Want to go directly to the recipe for these little cakes? Click here to skip to the recipe for these berry financiers!
I can’t help but feel a little bittersweet when I spy raspberries alongside the tiny Quebec wild blueberries at every market stand. It reminds me that summer is short, and the berry season even shorter. They are always the last of the berries to arrive at the markets. The blueberries are the signal for me that the summer will be over before I know it. And when I see the raspberries, I know the blueberries aren’t far behind. The feeling makes me buy more of everything that the summer markets have to offer because I, longingly, want the season to go on forever, even if it can’t. I feel the need to gobble up every ounce of the summer season before it slips between my fingertips.
The thought of summer slipping away gives me all kinds of anxiety. Winters have been increasingly brutal, and I’ve been less and less tolerant of our cold seasons, not for lack of trying. I’m tired of frozen toes, and while layering up for fall can be cute and fun, having to put on all the bulky clothes for winter is downright exhausting. Every winter, I contemplate moving somewhere warmer, or at least some place where the temperatures aren’t so extreme. By the end of summer, I realize I’m still exactly where I was the year before, already fretting over the cold, dark months of the winter ahead. Yet, in the end, I do nothing to fix the situation. If winter distresses me so much, how come I don’t take a stand and walk away? This question plagues me when I realize summer, the summer that only just began, is quickly coming to a close.
So I stuff my face with berries, and I make lists of the things I need to make with them. I bake those recipes and I stuff my face with all the berry-filled baked goods I can. I put berries on my yogurt with granola for breakfast, and I have bowls of berries with pistachios or pecans for an afternoon snack. I toss berries into a bountiful lunch salad, and I transform the leftover berries into a jam of some sort for my morning’s buttered toast. I regret none of it.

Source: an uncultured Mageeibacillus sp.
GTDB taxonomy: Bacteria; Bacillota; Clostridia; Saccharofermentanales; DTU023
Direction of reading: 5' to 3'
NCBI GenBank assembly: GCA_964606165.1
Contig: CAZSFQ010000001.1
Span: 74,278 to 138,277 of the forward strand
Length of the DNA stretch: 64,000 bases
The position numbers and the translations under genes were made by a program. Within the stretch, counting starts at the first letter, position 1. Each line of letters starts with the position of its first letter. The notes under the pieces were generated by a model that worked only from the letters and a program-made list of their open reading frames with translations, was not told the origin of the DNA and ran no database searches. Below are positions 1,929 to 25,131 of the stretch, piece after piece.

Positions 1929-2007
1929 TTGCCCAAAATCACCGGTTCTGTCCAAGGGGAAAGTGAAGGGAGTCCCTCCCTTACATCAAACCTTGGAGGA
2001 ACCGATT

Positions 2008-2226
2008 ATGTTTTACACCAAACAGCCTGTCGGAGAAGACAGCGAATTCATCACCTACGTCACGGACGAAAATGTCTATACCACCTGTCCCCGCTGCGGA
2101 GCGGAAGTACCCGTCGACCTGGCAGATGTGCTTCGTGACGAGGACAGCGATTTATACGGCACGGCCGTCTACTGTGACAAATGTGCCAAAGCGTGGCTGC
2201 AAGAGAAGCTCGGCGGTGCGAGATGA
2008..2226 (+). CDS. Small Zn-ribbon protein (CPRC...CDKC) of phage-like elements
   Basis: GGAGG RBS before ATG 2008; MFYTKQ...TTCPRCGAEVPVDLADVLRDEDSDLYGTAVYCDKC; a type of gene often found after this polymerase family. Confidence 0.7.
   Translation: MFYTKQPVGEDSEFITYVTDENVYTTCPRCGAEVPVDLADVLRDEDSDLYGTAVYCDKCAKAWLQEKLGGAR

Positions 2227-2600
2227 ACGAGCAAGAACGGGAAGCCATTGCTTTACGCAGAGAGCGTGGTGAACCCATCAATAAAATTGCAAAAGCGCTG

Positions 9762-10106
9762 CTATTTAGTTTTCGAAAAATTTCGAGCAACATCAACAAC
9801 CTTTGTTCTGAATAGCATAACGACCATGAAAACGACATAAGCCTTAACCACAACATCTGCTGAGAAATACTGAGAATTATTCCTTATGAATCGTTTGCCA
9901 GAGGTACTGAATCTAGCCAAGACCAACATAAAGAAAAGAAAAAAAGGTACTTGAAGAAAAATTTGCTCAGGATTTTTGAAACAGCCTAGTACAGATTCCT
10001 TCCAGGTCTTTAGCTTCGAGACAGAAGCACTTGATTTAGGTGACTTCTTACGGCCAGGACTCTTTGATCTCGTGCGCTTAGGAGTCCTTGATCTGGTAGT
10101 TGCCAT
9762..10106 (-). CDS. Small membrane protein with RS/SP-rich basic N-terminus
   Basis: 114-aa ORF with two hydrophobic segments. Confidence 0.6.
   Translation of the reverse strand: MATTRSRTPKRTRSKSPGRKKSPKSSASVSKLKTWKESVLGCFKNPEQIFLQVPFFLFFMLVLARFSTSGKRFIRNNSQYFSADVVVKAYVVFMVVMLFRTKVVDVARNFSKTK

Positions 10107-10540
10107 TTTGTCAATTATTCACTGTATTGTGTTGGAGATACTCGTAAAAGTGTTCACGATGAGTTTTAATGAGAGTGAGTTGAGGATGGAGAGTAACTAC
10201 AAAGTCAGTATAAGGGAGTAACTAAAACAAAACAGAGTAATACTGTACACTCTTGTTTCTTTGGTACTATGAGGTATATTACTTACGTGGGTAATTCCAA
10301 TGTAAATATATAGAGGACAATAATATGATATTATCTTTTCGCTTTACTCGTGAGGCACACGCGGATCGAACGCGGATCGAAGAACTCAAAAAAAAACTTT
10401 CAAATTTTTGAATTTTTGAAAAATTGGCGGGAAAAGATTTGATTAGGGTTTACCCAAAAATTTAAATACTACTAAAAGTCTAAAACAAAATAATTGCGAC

Berry financiers have been on my to-bake list for a long time. I love financiers, but for some reason, I never get around to making them myself. I developed this recipe with the hope that it could be made with either ground almonds or finely shredded coconut. I’ve decided they taste better when they have cooled completely, and actually, I love them more the next day, but maybe that’s just me. The raspberries bake into sweet little heart shapes, so even though they remind me that summer is terribly short, I can’t stay mad at them for long. And if you don’t love berries, try these kiwi coconut financiers. Or if you need a gluten-free recipe, try these pistachio financiers or cranberry chestnut financiers.
To bake these financiers, use a mini muffin pan and take the time to prepare the muffin pan properly before dividing the batter between the cups because financiers are high in sugar and can stick to cake pans. You can either butter and flour the cups of the muffin pan or you can use parchment paper liners.
- 115 grams (½ cup) Stirling Creamery unsalted butter
- 100 grams (½ cup) granulated sugar
- 63 grams (½ cup) all-purpose flour
- 63 grams (⅔ cup) ground almonds OR finely shredded unsweetened coconut
- 90 grams (⅓ cup) egg whites from 3 large eggs
- 1/8 tsp (⅛ tsp) fine kosher salt
- 16 raspberries OR 48 blueberries
- In a small saucepan, heat the butter over medium-high heat to brown it (the milk solids brown at the bottom and release a nutty scent). Transfer to a small bowl and set aside to cool slightly.
- Whisk together the sugar, flour and ground almond OR shredded coconut.
- In a medium bowl, beat the egg whites with the salt until they form a thick froth.
- Dump the egg whites over the dry ingredients and whisk them in to incorporate.
- Add the browned butter and mix again until everything is just combined.
- Cover the batter with plastic wrap and chill for 20 minutes.
- Preheat the oven to 350ºF.
- Bake for about 15 to 20 minutes until the edges turn golden brown.
- Transfer to a rack to cool after a minute.
- I baked this recipe with Stirling Creamery unsalted butter
I do my best to bake with the finest ingredients. Stirling Creamery, a Canadian company, has provided the butter for this post.
Janice Lawandi is chemist-turned-baker, working as a recipe developer in Montreal, Quebec, Canada. She studied pastry at Le Cordon Bleu in Ottawa and cooking at l’Académie Culinaire. She has a BSc in Biochemistry from Concordia University and a PhD in Chemistry from McGill University. Visit janicelawandi.com to see my portfolio.